Saint Patrick’s Day is a cultural and religious holiday celebrated on 17 March. It is named after Saint Patrick (c. AD 385–461), the most commonly recognized of the patron saints of Ireland. History
The person who was to become St. Patrick, the patron saint of Ireland, was born in Wales about AD 385. Until he was 16, he considered himself a pagan. At that age, he was kidnapped and sold into slavery. During his captivity he became a Christian and adopted the name Patrick.He escaped from slavery after six years and went to Gaul where he studied in the monastery for a period of twelve years. During his training he got the notion that his calling was to convert the pagans to Christianity.
He returned to Ireland and was credited with bringing Christianity to its people. Patrick was quite successful at winning converts. And this fact rightfully upset the Celtic Druids, who had their own native religion. Patrick was arrested several times, but escaped each time. He traveled throughout Ireland, establishing monasteries across the country. He also set up schools and churches which would aid him in his indoctrination of the Irish country into Christianity.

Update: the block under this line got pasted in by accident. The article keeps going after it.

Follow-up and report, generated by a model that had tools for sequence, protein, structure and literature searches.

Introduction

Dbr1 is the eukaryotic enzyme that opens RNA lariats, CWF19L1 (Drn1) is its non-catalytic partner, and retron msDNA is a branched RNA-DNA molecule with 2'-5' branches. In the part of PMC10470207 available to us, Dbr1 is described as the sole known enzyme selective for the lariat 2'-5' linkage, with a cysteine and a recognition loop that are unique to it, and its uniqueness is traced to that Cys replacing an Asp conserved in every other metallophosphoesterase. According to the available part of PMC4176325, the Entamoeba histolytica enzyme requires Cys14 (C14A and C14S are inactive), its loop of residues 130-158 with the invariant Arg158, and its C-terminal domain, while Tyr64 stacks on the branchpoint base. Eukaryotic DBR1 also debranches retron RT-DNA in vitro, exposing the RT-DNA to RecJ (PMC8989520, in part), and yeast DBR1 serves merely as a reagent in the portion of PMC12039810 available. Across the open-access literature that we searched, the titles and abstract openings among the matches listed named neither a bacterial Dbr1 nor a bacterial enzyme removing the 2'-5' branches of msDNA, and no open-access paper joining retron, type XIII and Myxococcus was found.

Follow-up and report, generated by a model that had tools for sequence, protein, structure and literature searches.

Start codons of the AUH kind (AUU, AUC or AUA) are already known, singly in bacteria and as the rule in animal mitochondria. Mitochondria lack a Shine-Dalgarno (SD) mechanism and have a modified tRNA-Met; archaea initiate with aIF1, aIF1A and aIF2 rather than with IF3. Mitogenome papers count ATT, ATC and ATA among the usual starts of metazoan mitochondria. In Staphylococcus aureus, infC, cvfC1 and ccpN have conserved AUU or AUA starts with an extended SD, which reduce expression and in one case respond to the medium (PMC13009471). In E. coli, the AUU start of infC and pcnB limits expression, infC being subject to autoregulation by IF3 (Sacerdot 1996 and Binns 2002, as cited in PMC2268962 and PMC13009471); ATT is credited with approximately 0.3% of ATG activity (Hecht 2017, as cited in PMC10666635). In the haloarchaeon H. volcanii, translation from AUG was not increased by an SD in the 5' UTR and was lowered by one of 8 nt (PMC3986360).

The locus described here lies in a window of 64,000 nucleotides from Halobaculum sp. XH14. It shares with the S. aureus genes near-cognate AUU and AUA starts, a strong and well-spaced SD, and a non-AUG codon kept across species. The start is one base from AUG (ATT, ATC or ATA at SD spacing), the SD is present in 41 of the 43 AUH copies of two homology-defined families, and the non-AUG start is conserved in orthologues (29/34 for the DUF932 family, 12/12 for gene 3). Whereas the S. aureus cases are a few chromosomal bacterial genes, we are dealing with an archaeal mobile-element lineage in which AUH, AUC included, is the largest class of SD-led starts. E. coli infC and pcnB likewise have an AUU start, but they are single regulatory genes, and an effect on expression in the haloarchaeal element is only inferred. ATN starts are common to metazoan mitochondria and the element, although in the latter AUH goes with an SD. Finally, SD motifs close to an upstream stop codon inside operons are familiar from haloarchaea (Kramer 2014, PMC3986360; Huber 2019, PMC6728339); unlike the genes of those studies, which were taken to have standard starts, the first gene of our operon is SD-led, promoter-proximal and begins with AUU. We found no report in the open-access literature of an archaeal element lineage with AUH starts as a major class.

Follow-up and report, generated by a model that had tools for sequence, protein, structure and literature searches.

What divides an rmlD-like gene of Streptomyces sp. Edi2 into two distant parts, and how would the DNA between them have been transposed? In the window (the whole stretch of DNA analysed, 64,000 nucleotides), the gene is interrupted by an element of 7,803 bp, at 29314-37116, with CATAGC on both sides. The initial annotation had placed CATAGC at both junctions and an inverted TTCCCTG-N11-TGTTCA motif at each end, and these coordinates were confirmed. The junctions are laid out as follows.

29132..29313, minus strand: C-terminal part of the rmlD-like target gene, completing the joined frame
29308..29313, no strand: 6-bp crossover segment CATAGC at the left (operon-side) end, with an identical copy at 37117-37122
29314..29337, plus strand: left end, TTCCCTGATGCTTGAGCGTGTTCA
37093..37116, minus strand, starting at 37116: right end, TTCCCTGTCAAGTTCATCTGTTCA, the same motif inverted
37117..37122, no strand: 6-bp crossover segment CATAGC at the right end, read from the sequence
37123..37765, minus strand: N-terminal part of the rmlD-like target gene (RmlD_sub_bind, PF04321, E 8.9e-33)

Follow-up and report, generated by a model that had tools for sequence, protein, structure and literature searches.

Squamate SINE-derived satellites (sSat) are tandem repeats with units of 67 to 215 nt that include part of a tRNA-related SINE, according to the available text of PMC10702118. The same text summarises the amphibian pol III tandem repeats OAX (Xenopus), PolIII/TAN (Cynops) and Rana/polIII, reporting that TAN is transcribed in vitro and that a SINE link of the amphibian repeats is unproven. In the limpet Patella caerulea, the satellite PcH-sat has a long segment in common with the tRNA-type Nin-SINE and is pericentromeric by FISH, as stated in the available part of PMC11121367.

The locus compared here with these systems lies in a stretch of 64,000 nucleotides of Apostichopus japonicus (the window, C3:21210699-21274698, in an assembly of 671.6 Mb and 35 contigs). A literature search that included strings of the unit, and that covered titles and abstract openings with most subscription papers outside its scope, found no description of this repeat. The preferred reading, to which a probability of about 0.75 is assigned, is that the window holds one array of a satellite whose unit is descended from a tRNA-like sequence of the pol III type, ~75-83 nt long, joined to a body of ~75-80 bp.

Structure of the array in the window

His mission in Ireland lasted for thirty years. He died on March 17 in AD 461. That day has been commemorated as St. Patrick’s Day ever since.
There are many myths and legends about St. Patrick. Perhaps the most well known legend is that he explained the Holy Trinity (Father, Son and Holy Spirit) using a native Irish clover, the shamrock. He used the three-leafed shamrock in his sermons to represent how the Father, the Son, and the Holy Spirit could all exist as separate elements of the same entity. His followers adopted the custom of wearing a shamrock on his feast day. St. Patrick’s Day Around the World
Today, people celebrate St. Patrick’s Day throughout the world, especially in the United States, Canada and Australia. This holiday is also celebrated in many other locations far from Ireland, including Japan, Singapore.